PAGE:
It's not necessary. Really. What lunch is complete without a little taste of chocolate? Ok, most of them. But a day is made brighter by a little bite of brownie, c'mon, unless you're like my dear friend who shall remain nameless that thinks chocolate tastes like soap.
I have the coolest Aunt in the world, Fay DeBoer. It's her birthday, 29 AGAIN! If you knew her, you'd be nodding your head up and down with me, ayep. Some of her cool things she does is make dresses for little orphan girls. Cute, cute dresses for cute little orphan girls. In fact, I coveted a couple of her dresses when she brought them to my parent's home when we lived in Washington state. She told us that these two dresses needed to be worn by a little country girl. And gave them to my only daughter. Nifty thing is, that those two dresses were so well made, and so beautifully done, that they are now beloved by my third daughter. Still loving the dresses! Still loving the Aunt Fay! Happy Birthday sweetie.
Aunt Fay likes chocolate brownies now and then. In fact, I imagine she probably has a little cocoa in her food storage too. My favorite brownies had to be tweaked a little for my emergency preparedness recipe. Here's the original recipe, and the notes for how to eat out of your food storage, follow.
Chewy Gooey Cocoa Brownies
1-2/3 cup sugar
3/4 cup butter or margarine, melted (or other fat)
2 T water
2 Large eggs
2 tsp. vanilla flavoring
1-1/3 cups flour (I have used 100% whole wheat, 1/2 all purpose flour, and other variations)
3/4 cup Baking cocoa
1/2 tsp. baking powder
1/4 tsp. salt (optional if you use salted butter)
3/4 cup chopped nuts (completely optional)
Preheat oven to 350*. Grease 13x9 baking pan. Combine sugar, butter and water in large bowl. Stir in eggs and vanilla. Combine dry ingredients in medium bowl; stir into sugar mixture. Add nuts if desired. Spread into prepared baking pan. Bake for 18-25 minutes or until toothpick inserted in center comes out slightly sticky. Cool completely, then cut into bars. Makes 2 dozen brownies, depending on how you divide the pan. Needs no frosting.
Food storage substitutes:
How to substitute for 1 egg :
1 teaspoon dry unflavored gelatin
3 tablespoons cold water
7 teaspoons of hot water
Combine gelatin with cold water. Let sit for a moment to hydrate the granules.
Add hot water, stir well. Use in place of 1 egg.
***For baking*** reduce the amount of liquid in the recipe by 1/4 cup per egg replacement used. Experiment with this to see how to adjust your favorite recipe. In my case, I used one real egg in the brownies, and one egg substitute and the recipe is perfect! Another day... I'll use two egg substitute measures. Just for you gentle reader, because we have 30 dozen eggs in the cool cellar.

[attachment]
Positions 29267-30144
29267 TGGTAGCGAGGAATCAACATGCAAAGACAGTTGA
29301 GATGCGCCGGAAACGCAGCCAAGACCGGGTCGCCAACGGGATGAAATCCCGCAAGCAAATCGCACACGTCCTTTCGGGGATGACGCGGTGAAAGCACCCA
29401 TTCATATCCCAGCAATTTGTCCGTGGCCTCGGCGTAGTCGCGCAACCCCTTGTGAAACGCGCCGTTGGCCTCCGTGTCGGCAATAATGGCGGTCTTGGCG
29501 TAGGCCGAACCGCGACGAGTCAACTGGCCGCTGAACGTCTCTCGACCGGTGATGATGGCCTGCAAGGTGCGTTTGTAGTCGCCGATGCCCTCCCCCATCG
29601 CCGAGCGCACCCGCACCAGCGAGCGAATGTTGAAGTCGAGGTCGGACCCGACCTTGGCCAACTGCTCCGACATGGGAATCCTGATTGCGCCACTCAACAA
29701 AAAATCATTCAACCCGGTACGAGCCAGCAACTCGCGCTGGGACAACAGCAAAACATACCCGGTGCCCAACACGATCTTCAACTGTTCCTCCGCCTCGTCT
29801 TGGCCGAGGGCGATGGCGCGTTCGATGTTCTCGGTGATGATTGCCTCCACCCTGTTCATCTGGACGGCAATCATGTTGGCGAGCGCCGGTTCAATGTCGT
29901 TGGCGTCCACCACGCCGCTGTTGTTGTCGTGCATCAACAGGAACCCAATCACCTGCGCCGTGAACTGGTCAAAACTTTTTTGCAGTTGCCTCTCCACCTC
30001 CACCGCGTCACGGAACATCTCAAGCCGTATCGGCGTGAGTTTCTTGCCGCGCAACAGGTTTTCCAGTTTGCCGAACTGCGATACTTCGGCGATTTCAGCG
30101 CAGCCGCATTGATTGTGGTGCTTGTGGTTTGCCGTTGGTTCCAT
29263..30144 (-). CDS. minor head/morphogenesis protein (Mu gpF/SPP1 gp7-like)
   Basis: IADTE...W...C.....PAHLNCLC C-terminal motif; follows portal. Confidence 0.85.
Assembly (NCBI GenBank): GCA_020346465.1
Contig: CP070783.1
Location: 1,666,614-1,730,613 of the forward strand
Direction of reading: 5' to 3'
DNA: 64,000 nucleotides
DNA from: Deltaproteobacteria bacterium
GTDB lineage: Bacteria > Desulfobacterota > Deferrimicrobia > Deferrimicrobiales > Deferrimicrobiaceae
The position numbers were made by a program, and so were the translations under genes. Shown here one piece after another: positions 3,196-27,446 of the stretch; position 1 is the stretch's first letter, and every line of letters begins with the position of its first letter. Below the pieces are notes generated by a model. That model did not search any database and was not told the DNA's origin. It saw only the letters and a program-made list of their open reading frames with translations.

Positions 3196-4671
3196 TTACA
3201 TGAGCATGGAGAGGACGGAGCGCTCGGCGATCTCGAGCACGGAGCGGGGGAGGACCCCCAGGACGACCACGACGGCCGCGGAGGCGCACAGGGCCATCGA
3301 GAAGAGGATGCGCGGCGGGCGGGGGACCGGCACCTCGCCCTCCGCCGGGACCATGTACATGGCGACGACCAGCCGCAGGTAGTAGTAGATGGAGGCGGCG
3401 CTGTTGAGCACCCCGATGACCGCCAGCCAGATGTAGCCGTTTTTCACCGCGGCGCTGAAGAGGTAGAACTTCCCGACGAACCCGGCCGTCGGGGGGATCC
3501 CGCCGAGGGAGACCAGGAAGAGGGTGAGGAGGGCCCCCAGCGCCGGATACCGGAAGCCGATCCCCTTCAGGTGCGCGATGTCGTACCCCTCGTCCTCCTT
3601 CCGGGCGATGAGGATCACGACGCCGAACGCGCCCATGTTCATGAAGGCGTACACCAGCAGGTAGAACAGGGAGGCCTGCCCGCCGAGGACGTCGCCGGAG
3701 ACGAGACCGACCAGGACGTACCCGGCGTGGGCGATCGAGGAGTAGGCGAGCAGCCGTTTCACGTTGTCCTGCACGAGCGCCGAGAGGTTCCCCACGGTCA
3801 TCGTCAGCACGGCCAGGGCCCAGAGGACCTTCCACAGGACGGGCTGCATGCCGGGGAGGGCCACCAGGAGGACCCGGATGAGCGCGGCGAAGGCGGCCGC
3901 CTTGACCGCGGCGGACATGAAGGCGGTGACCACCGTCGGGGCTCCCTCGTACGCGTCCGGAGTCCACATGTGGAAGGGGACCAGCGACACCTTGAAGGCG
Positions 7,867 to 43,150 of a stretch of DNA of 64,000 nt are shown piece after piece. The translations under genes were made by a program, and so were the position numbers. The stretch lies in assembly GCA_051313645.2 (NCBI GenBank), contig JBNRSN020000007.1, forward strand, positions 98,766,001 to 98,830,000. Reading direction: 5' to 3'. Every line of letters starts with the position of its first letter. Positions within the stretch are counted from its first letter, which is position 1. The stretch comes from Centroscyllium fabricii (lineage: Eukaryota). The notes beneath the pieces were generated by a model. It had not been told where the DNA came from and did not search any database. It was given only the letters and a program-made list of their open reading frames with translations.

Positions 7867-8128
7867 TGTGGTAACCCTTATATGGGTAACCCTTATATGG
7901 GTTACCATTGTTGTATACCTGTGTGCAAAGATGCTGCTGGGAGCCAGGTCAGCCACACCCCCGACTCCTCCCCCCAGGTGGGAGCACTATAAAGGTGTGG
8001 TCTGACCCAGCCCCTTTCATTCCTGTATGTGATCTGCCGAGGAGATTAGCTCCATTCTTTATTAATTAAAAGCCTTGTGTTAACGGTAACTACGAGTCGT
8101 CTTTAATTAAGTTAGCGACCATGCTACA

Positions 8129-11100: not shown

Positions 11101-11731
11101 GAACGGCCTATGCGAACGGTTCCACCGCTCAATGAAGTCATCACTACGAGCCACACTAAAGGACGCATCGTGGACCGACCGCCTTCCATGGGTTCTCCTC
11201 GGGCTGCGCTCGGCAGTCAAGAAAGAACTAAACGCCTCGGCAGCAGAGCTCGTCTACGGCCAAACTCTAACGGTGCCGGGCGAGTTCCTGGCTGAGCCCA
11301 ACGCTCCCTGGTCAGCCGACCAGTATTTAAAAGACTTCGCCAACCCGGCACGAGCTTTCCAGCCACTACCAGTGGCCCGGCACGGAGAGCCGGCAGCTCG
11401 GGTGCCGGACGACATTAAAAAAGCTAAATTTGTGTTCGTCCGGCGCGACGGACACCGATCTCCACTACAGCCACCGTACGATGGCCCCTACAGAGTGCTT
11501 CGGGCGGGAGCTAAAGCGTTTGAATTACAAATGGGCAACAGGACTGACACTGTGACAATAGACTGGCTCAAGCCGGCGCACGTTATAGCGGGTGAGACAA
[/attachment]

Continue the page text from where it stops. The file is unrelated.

I use whole wheat flour, ground from the whole wheat kernels I store in some #10 cans, and some 5 gallon buckets. I have vegetable oil stored, and usually have 20 dozen eggs at any given point in a very cool cellar. It wouldn't be fun if I didn't have bulk baking cocoa stored. Baking powder is stored in very small cans, because it begins to go flat once they're opened. Do not store baking powder in #10 cans unless you have some wicked large group of people to bake biscuits for, within the next six months. I have a few #10 cans and some large canisters of Hershey's baking cocoa, and a few jars of vacuum sealed chocolate chips. They'll keep quite a while, not that we'd ever let them get old.
Back to lunch. Write down 2 weeks of lunches you'd be willing to eat, and then tally up the ingredients you can use to make them. Double it, and you have a month supply of lunches. Here are some ideas. Biscuits and creamed chicken cream of chicken soup, canned chicken, a can of peas, a bottle of peaches, and a brownie for dessert. You can store homemade biscuit mix for a year. With it you can make strawberry shortcake, chicken and dumplings, chicken ala king over a biscuit, sausage gravy over biscuits, Sausage cheddar balls, a quick biscuit pizza crust, chicken pot pie, and more.
Here's just one variation to get you started thinking.
Easy Biscuit Mix
6 cups all purpose flour
3 tablespoons baking powder
1 tablespoon salt
1 1/4 cups butter flavored shortening
Directions:Mix together the flour, baking powder, and salt in a large bowl. Cut in shortening with pastry blender until mixture resembles coarse corn meal. Store in a container with tight-fitting lid. For a healthier mix, make with 3 cups white flour and 3 cups whole wheat flour. For Buttermilk Mix, add 9 tablespoons dry buttermilk powder to the basic mix.
To use this mix, take 3 cups of Easy Biscuit mix, add 3/4 cup of milk, or yogurt, or buttermilk etc., and mix gently. After adding your liquid mix only until a soft dough forms. Dough may be slightly sticky but that is normal.
Generously flour counter or board and transfer dough on top dusting with a small amount of flour if dough is sticky. Pat dough out with hands till about 1 inch thick and cut with biscuit cutter or large glass dipped in flour. Place on baking sheet about 1 1/2 inch apart. Bake 425 degrees for 12 to 15 minutes or until golden brown. Brush tops with melted butter if you like.
You could roll with rolling pin but that will make for tougher biscuits. Not good, no no no.
To make dumpings, you stir as above, then drop into gently boiling stew. Turn down to a simmering boil, cook for 10 minutes uncovered, and then cover tightly for 10 more minutes. This would perk up your every day chicken soup considerably, wouldn't it? You can store canned carrots, canned peas, bottled chicken you canned yourself when chicken legs & thighs were on sale for .49 cents a pound, and voila' gourmet goodness in a pinch. Living frugally doesn't have to be living on top ramen noodles and generic box brand of macaroni and cheese powder.
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